The other side of the compressed air story
Views from Tony Baldwin CEMI, Energy and Resource Specialist, SMC Pneumatics.
Compressed air, whilst utilising a ‘free’ working fluid, is one of the highest energy consuming utilities found in today’s industrial premises. Having spent 30 years in the energy field reviewing many industrial applications, I have to admit the actual generation and distribution of compressed air has commonly been the first and prominent element of reviewing such systems. This has often been the extent of advice and recommendations to my clients.
More recently, I’ve been made aware of significant technology advances in the component compressed air reductions that are now available from manufacturers that can have significant impact to the use and costs attributable to this utility.
Vacuum ejectors are prevalent in many factories for the movement for picking and placing of products whilst activities are carried out such as palletizers, jigs and component placement. The typical vacuum ejector uses compressed air through a venturi orifice to create the vacuum force. When the vacuum has been established the compressed air continues to pass the venturi in order to maintain the vacuum force.
Modern vacuum ejectors employ a sensing vacuum switch that isolates the compressed air line at the same time as a valve closes the vacuum line to the cup thereby stopping compressed air usage when the correct vacuum level is sensed. Should the vacuum pressure deteriorate (through porous material or worn or damaged vacuum cups), the solenoid switches the compressed air line back on to create further vacuum and then switch back off when vacuum pressure is re-established. Switching vacuum ejectors to the modern alternative can reduce compressed air usage by up to 90% over their predecessors.
Energy Saving Cylinders
Many pneumatic cylinders are provided with line pressure for both the power stroke and return stroke even though the return stroke may not be carrying a load or require the necessary force to return. Therefore the pressures for each stroke can be adjusted to provide compressed air savings that can be significant based for large bore, large volume displacements or high frequency operations. For example 5 bar may be required on the outward (power) stroke and a reduced 2 bar pressure for the return stroke may be acceptable. When the volume of the cylinder is such that the volume saved in compressed air can be considerable or the number of strokes per hour can lead to 20-30% reduction in air consumption.
Further to this, specific energy recovery cylinders that have the necessary integral porting, can utilise the air from the power stroke to offset air usage in the return stroke of a cylinder. By doing so up to 45% reduction of compressed air is possible compared to a standard cylinder.
The ubiquitous blow gun can be found in the majority of factory compressed air systems, used for the clearing of swarf, debris and partials from working surfaces through to cleaning and blow out of cleaning fluids and oils and a multitude of other tasks. The air consumption of blow guns can become a significant element of the overall factory energy air consumption.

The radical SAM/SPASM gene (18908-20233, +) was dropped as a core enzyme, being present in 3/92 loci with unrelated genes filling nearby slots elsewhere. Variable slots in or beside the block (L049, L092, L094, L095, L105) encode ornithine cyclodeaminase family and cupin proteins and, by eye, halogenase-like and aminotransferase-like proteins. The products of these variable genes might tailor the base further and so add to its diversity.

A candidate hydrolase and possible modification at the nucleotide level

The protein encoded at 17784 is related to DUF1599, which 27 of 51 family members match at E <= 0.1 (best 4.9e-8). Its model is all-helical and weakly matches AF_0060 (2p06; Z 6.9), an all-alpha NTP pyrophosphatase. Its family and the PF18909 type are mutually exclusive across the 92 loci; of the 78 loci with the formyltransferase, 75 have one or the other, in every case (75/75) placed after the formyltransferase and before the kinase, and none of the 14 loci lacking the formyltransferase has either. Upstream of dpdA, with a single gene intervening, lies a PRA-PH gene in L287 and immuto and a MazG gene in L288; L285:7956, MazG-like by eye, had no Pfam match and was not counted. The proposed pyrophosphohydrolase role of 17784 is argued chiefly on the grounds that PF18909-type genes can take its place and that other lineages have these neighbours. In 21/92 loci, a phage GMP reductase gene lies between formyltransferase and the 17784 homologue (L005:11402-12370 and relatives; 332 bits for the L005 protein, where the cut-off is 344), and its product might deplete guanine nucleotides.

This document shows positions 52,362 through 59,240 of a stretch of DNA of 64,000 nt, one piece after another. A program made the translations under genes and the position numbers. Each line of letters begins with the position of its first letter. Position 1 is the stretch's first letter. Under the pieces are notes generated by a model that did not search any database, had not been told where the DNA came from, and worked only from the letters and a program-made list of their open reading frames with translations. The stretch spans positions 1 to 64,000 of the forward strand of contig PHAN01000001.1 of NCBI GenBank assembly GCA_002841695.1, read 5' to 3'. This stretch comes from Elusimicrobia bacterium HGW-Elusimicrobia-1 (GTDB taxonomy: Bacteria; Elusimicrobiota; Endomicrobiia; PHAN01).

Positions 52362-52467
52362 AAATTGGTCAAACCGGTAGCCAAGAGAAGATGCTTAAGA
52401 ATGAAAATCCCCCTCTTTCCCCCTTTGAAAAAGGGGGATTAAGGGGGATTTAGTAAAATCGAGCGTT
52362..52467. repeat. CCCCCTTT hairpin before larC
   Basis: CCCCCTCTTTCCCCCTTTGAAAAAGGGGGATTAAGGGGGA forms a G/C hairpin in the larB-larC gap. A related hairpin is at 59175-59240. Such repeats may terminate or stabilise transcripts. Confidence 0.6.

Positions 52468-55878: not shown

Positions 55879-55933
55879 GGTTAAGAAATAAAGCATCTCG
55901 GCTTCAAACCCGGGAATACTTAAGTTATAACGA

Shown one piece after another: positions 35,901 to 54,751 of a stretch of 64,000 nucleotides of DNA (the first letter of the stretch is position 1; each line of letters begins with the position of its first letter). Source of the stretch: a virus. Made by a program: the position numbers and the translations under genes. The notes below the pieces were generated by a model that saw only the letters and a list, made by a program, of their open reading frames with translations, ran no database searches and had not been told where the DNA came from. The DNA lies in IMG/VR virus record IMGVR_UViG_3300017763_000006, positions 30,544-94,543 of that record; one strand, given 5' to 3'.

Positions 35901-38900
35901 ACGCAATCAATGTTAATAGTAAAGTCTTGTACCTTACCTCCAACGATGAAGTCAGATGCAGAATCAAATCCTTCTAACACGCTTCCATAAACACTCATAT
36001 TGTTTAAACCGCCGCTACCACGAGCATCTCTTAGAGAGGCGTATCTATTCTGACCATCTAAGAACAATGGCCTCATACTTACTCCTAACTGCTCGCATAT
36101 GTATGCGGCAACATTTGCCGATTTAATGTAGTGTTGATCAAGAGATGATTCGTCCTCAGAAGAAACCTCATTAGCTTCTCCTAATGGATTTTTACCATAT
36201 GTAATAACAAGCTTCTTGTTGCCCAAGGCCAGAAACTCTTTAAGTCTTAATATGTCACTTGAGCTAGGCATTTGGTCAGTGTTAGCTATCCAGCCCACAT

Modern blow guns are specifically designed to minimise the use of air during their operation. The use of high efficiency nozzles that entrain air through the use of the Bernoulli effect can reduce air consumption by 30% over the conventional gun whilst have the same effective out-put. Com-bined with correct fittings, connectors, and the selection of coiled tube can have a significant effect on air usage.
Air guns can easily be operated at or near factory line pressure with little disregard. A simple on/off type of blowgun should always be used with a tamper-proof pre-set regulator, set at 2 bar. This is a value which has been long recommended by the American OSHA body but does not negate the possibility of compressed air being injected through the skin.
Energy Saving Blow Guns
Energy saving blow guns are now being developed to prevent the continuous blowing of air. They utilise the integral reservoir of compressed air to permit the rapid fire impulse method to displace fragments and flakes of material.
Therefore the use of 3-4 sub second repeated air blasts can clear the equivalent material as a constant stream of compressed air at minimal consumption.
Whilst we have just looked at three simple areas of air usage reduction, development in a number of areas is ongoing; from low wattage solenoids on air manifolds through to pressure boosters for high pressure applications allowing lower factory line pressures to be set.
Development of energy efficient pneumatic components like those discussed above are helping end users to dramatically lower their air usage and therefore energy consumption.
There will always be the necessity to evaluate the generation and distribution of compressed air to ensure correct delivery of air is optimum and not wasted, but we must not forget the components that affect the direct use that have their role to play too.
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